Edison—singer/guitarist Sarah Slaton, drummer/vocalist/trumpeter/mandolinist Dustin Morris, and Grammy nominated guitarist Maxwell Hughes (formerly of The Lumineers)—is a dynamic acoustic trio from Colorado which has quickly emerged as a unique musical ...
Edison—singer/guitarist Sarah Slaton, drummer/vocalist/trumpeter/mandolinist Dustin Morris, and Grammy nominated guitarist Maxwell Hughes (formerly of The Lumineers)—is a dynamic acoustic trio from Colorado which has quickly emerged as a unique musical force.
Edison's liltingly melodic, emotionally resonant songs are filled with vivid storytelling, playful harmonies, and irresistible hooks.
Although they've only been a band since 2014, they've already built a substantial national fan base, thanks to the their upbeat, high-energy live shows and tireless touring efforts. In addition to countless club gigs, they've earned attention at such music-industry conferences as SXSW, CMJ and Folk Alliance International.
"We've been on the road nonstop for over a year," Slaton notes. "We didn't have a lot of releases out there, so we decided to hit the road and meet as many people as we could and foster those relationships."
The strategy worked, winning the band a devoted national audience as well as support slots with the likes of Iron & Wine and Nathaniel Rateliff & the Nightsweats. It also led to a deal with the Rhyme & Reason label, which will release Edison's first full-length album in late 2016.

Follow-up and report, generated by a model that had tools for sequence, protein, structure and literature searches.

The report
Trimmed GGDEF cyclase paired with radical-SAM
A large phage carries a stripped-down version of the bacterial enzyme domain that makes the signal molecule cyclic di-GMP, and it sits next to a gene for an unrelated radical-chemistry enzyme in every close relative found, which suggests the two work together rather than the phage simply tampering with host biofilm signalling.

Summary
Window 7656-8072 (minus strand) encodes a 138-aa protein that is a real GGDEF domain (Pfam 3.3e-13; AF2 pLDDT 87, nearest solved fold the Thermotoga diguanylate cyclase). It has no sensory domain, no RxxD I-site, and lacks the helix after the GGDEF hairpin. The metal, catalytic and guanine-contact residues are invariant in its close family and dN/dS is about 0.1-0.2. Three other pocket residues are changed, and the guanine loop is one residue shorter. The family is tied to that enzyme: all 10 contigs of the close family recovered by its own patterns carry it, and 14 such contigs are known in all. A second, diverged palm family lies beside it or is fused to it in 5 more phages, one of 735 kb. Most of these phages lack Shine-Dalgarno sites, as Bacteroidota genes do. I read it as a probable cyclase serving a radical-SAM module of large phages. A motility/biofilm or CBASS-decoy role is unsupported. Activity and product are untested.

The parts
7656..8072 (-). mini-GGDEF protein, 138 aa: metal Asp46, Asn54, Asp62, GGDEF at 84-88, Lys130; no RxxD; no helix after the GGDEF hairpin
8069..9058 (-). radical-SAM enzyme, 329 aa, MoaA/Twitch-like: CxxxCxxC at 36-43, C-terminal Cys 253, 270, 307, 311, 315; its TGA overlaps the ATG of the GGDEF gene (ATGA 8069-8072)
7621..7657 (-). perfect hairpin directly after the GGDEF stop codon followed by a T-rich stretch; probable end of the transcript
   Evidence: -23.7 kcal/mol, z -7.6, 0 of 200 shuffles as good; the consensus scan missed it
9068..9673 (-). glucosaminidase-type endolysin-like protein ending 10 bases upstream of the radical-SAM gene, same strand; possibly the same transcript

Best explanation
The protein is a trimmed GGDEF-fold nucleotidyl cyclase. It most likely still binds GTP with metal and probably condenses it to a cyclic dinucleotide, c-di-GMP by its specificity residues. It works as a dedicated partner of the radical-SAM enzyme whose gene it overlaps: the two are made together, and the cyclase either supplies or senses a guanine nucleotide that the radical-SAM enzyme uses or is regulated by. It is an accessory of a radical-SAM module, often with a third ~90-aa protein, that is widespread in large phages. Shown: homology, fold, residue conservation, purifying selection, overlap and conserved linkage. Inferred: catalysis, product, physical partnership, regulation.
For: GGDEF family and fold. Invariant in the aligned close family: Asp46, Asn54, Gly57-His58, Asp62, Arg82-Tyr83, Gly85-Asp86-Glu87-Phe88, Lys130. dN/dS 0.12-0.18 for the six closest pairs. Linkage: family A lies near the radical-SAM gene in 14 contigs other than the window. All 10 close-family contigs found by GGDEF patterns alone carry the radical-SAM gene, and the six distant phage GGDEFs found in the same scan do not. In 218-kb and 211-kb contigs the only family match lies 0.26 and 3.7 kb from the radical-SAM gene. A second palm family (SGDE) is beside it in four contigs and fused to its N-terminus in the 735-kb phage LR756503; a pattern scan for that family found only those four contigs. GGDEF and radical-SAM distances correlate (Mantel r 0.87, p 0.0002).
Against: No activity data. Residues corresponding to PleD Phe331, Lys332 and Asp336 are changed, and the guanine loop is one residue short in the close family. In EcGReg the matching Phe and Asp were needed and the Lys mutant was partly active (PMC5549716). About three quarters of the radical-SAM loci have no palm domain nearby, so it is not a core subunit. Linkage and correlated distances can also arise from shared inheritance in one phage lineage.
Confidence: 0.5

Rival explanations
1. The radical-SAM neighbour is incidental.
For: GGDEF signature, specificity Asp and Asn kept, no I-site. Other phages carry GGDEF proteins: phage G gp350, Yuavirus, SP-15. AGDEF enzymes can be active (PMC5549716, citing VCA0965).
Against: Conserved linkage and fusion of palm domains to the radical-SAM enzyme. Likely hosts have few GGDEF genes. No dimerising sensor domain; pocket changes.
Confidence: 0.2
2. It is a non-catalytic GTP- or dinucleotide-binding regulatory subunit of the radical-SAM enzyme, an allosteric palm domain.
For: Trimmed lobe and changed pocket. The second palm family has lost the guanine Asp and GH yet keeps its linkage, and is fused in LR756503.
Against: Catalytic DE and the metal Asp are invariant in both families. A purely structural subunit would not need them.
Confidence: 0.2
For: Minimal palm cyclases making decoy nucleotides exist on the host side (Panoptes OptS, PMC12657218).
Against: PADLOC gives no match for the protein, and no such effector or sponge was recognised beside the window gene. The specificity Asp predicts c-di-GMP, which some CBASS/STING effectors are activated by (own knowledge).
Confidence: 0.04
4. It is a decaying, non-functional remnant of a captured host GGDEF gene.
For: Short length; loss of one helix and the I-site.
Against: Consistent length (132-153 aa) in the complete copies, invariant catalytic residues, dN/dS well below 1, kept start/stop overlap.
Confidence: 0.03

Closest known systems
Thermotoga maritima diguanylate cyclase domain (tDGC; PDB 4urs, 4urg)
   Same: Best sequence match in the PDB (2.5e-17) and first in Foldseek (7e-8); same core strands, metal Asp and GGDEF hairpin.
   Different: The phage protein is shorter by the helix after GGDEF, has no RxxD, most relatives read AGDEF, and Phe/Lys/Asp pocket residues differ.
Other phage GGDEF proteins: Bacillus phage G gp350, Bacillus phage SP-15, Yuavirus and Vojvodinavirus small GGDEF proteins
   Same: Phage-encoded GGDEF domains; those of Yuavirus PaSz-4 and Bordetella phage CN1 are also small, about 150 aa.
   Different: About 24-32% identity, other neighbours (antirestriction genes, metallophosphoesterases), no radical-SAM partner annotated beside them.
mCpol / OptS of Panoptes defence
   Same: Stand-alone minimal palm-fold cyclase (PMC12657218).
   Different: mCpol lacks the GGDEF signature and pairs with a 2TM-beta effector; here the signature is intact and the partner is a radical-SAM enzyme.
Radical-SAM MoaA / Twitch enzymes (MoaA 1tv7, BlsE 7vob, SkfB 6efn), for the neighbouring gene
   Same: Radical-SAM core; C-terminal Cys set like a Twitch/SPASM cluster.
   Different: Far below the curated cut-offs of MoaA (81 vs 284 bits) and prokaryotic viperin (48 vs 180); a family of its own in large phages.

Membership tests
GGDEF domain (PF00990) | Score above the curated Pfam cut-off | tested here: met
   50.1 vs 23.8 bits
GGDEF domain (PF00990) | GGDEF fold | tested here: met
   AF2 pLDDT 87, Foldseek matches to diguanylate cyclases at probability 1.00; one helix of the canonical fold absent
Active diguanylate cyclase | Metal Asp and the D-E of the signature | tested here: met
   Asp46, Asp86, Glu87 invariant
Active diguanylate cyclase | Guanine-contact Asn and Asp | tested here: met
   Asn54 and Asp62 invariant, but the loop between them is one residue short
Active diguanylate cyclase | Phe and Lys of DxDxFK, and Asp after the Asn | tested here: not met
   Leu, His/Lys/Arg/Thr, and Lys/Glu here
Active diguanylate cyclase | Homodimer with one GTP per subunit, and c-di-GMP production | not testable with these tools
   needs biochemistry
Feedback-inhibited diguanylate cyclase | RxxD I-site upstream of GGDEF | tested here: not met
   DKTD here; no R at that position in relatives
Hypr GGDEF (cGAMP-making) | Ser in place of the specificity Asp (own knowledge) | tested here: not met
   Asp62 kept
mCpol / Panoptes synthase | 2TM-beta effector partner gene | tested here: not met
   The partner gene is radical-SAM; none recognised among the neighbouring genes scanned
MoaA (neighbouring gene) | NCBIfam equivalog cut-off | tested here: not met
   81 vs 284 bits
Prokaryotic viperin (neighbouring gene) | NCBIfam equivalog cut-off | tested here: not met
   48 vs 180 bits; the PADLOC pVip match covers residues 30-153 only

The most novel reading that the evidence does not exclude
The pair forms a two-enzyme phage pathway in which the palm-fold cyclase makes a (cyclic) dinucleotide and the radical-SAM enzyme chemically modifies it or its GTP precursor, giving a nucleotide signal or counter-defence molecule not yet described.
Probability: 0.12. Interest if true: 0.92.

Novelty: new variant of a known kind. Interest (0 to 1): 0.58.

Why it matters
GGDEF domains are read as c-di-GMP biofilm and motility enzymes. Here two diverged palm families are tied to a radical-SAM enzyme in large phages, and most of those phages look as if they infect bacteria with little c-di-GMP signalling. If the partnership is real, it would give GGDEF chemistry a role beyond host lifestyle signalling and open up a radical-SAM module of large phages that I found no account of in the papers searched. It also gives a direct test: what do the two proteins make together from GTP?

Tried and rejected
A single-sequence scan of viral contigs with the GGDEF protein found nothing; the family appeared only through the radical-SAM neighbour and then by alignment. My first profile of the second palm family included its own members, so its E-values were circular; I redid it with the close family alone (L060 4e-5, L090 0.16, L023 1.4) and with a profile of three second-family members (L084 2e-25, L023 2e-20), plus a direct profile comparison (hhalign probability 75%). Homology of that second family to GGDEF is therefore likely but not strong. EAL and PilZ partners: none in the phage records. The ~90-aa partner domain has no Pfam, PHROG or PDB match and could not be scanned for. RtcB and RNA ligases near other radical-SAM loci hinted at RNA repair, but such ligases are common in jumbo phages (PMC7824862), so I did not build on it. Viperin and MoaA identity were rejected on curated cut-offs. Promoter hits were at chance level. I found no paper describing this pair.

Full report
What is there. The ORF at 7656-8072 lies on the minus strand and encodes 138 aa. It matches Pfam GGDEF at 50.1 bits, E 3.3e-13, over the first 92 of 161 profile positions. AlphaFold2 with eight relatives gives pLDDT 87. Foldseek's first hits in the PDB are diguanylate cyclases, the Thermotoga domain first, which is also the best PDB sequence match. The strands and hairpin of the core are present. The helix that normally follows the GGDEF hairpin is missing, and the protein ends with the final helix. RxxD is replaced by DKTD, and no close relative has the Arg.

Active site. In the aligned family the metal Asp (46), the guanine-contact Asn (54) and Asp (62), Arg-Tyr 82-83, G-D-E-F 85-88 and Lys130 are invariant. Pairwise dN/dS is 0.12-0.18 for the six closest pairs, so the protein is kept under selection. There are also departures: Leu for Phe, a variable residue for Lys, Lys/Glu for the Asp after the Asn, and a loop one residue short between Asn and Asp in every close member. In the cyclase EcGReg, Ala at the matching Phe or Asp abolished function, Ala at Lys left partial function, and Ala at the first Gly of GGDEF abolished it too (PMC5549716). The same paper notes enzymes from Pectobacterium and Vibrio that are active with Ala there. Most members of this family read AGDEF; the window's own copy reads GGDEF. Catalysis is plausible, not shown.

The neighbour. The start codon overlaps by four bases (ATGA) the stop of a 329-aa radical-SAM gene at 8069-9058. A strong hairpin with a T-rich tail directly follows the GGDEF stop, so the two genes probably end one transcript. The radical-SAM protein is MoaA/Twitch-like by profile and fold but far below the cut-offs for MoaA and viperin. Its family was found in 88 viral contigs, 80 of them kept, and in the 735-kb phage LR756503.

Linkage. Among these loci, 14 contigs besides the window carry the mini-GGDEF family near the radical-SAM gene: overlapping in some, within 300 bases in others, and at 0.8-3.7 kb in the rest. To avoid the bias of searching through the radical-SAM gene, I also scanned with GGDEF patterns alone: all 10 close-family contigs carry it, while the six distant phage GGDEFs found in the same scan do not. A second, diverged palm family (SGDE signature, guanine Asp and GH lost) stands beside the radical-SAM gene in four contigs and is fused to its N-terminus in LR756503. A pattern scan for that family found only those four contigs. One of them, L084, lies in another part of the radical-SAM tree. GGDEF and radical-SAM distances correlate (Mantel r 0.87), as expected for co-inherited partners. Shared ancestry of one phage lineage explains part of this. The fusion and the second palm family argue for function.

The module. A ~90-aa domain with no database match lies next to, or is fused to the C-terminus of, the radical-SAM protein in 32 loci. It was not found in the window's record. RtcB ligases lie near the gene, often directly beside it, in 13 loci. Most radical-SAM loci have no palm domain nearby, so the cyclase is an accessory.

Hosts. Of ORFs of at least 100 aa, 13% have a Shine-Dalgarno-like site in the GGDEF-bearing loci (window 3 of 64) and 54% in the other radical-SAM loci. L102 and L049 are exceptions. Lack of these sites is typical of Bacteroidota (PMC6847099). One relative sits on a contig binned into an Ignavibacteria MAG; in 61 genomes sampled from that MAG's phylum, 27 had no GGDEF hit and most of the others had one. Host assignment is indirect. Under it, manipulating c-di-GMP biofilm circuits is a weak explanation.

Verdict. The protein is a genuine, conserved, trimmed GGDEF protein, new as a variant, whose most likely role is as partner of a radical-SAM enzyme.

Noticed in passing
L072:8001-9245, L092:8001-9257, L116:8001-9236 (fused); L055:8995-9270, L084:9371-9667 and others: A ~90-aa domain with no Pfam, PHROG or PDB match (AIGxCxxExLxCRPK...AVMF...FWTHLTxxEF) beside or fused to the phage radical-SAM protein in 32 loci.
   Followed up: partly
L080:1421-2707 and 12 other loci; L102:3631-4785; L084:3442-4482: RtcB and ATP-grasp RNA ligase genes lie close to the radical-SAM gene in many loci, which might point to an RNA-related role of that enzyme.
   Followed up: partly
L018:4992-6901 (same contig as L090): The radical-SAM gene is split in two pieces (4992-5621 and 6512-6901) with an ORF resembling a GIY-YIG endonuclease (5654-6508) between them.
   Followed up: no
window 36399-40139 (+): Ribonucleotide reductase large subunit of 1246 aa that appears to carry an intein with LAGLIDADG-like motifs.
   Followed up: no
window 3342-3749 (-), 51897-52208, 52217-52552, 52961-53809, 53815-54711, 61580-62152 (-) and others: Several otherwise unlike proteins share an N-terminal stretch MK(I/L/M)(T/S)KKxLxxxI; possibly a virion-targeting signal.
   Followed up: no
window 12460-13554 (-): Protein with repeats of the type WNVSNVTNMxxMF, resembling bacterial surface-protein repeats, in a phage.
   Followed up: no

"The stuff that we're working on for the album is really exciting, because it will be the first thing that's a representation of the three of us making music in a room together," Sarah asserts. "I'll get a melody or a thought in my head, like I'm gonna explode if it doesn't come out of me. I'll hum it to Max or Dustin, and then Max will play a guitar part that's exactly like what I'm hearing in my head and I'll go 'Yeah, that!,' and then Dustin will grab one of the other ten instruments he plays, and it all comes together into something that none of us could do on our own. It's like combustion."
Until then, look for Edison out on the road. "It's hard to be in the van all the time and never be home, but the little victories make it worth it," she explains. "You might play to a room full of people in Joliet, Illinois who know all the words to every song, and then drive seven hours to play to the bartender in Lexington, Kentucky. We just take things as they come and hold on to the good nights. We live for the nights that everyone in the room is experiencing the song and everybody's feeling connected. We just try to remain as open as we can, and invite people to come in."